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Nightjohn by Gary Paulsen

Nightjohn (original 1996; edition 1995)

by Gary Paulsen

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9239414,399 (4.15)19
Authors:Gary Paulsen
Info:Laurel Leaf (1995), Edition: First Edition, Paperback, 112 pages
Collections:Your library

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Nightjohn by Gary Paulsen (1996)



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» See also 19 mentions

Showing 1-5 of 94 (next | show all)
There are a few reasons why I like this book and a few reasons why I don’t. Some of the reasons go hand-in-hand with each other. One reason why I like this book is because of the language. The book is written in African American English and it really enhances the experience of reading the book. A few examples are “There be a girl before then named Alice,” “But they be rich, and the be spending a lot of money and they brought in the new hand for a thousand dollars. And that be Nightjohn,” and “Two days and he be gone, and he come back and make a storm around the place so we all know John he made it.” The language used to tell the story makes me think about how differently slaves spoke and how it still impacts the African American community to this day. Although I did like how the story was written in African-American English, I didn’t like how it was difficult for me to read at some points. It took me a few times to figure out what Sarny was saying. Another reason I liked this story was because Sarny told the story herself. I didn’t like the story because I also wanted to hear others’ experiences. For example, it would’ve been nice to hear Nightjohn telling his parts of the story too sometimes. Another reason why I liked this book was because it was very descriptive and detailed with events. The details really enhanced the story and made me emotional. For example, when the text states, “The master set the dogs on him and they tore and ripped what they could reach until there wasn’t any meat on Jim’s legs or bottom. The dogs ripped it all off, to hang in shreds.” This is very vivid, and I can picture this happening in my head. Another example is “The master tied him down and cut him like he did the cattle so he wouldn’t run to girls no more, but the cut went wrong and Pawley he laid all night and bled to death without every making a sound in the corner of the quarters.” This example is also very vivid and makes me cringe. The last example that’s very descriptive is when the book says, “He hit her with is fist. Then he unhooked her from the chains and ripped her clothes from off her body and dragged her naked to the harness.” All of these explicit events enhance the action of the story. Although these events make the story better, they make me sad. The reason I didn’t like how descriptive the events were because it disgusts me how African Americans were treated. I guess it’s good to know the reality, but it breaks my heart. Also, after I thought about it, I guess the words in the book are nothing compared to the real face-to-face experiences that Sarny had. One reason I didn’t like the book was because of the way it ended. I wanted to keep reading, I wanted to know more! The book ended with Nightjohn and Sarny teaching the other slaves together how to read. I want to know if they ever got caught? I wonder if Nightjohn ever ran away from the plantations to go to the free states again? I wonder if other slaves got caught. Did Sarny teach the slaves on her plantation how to read and write? I did like that at the end of the book it gave a preview of the companion novel, Sarny. I guess I could read that book and maybe it will answer some of my questions that I still have. Overall, I liked the book because I think that Nightjohn pushes readers to think about tough issues. The book is a real experience and can help people understand how slaves were treated and why African-American English is used in society today. It’s crazy to know how long ago the story takes place, and then seeing how reading and writing still effects society today. I think the overall message of the book was if you want something, fight for it. Sarny and Nightjohn both fought for what they wanted and found a way to get it. ( )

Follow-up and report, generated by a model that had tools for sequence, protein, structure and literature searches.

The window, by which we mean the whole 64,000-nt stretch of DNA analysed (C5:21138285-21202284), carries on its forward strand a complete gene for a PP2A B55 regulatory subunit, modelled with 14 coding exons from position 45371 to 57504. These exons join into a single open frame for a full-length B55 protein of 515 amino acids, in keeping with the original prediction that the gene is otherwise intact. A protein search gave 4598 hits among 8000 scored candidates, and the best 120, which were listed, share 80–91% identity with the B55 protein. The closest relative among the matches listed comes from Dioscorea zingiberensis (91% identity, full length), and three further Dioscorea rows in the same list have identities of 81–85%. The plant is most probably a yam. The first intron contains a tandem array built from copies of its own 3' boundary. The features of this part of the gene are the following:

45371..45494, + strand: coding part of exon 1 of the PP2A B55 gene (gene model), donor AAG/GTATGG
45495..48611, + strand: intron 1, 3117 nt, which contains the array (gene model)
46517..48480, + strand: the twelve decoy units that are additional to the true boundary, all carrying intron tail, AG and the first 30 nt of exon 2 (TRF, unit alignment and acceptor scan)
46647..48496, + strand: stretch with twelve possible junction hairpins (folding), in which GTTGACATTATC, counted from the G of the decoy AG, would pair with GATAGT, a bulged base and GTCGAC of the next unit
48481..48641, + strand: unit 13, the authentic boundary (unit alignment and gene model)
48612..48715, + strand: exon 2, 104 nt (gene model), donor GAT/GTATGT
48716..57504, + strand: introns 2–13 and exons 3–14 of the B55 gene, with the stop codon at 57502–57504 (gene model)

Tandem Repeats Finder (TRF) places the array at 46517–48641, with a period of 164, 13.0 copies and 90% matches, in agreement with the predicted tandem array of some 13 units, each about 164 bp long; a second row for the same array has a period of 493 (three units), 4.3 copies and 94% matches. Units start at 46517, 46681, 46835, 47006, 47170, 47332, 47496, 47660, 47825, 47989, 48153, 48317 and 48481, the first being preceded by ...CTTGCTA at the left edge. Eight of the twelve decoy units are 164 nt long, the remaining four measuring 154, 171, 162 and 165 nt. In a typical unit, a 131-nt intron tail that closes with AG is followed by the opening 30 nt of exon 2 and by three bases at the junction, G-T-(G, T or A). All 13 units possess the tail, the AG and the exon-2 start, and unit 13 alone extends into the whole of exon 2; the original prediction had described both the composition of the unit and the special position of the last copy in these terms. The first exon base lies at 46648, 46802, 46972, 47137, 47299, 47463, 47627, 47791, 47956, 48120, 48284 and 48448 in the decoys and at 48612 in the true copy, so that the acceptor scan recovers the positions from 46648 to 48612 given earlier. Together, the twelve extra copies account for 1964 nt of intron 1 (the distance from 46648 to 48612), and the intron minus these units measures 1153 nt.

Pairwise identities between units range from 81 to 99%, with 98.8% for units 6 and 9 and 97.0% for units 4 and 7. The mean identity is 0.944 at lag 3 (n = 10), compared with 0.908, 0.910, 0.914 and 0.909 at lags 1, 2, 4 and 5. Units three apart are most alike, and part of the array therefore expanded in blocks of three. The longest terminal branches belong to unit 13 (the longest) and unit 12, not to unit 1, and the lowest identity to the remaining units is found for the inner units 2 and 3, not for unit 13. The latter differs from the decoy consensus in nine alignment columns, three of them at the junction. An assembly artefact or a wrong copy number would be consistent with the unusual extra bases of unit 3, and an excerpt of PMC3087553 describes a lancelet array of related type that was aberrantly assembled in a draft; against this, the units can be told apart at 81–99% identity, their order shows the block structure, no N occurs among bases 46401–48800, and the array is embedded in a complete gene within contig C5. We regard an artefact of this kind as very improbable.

CarliWeaver | Oct 30, 2018 |
I enjoyed this book for two reasons. The first reason being the characters. Although many are mentioned, the author focuses on two main characters. Sarny and John develop an amazing relationship throughout the story, as John ultimately is responsible for teaching Sarny to read and write. I thought both of these characters were extremely well developed. For example, as the story went on, I learned more about Sarny's life as a slave and how NightJohn was able to bring light into her life that may never have existed if she never had the opportunity to attend school. Secondly, I loved how this book pushes the reader to broaden their perspective on slavery. The language was very descriptive and allows readers to put themselves in shoes of those who were slaves. These are tough issues, but very important for people to be educated on them.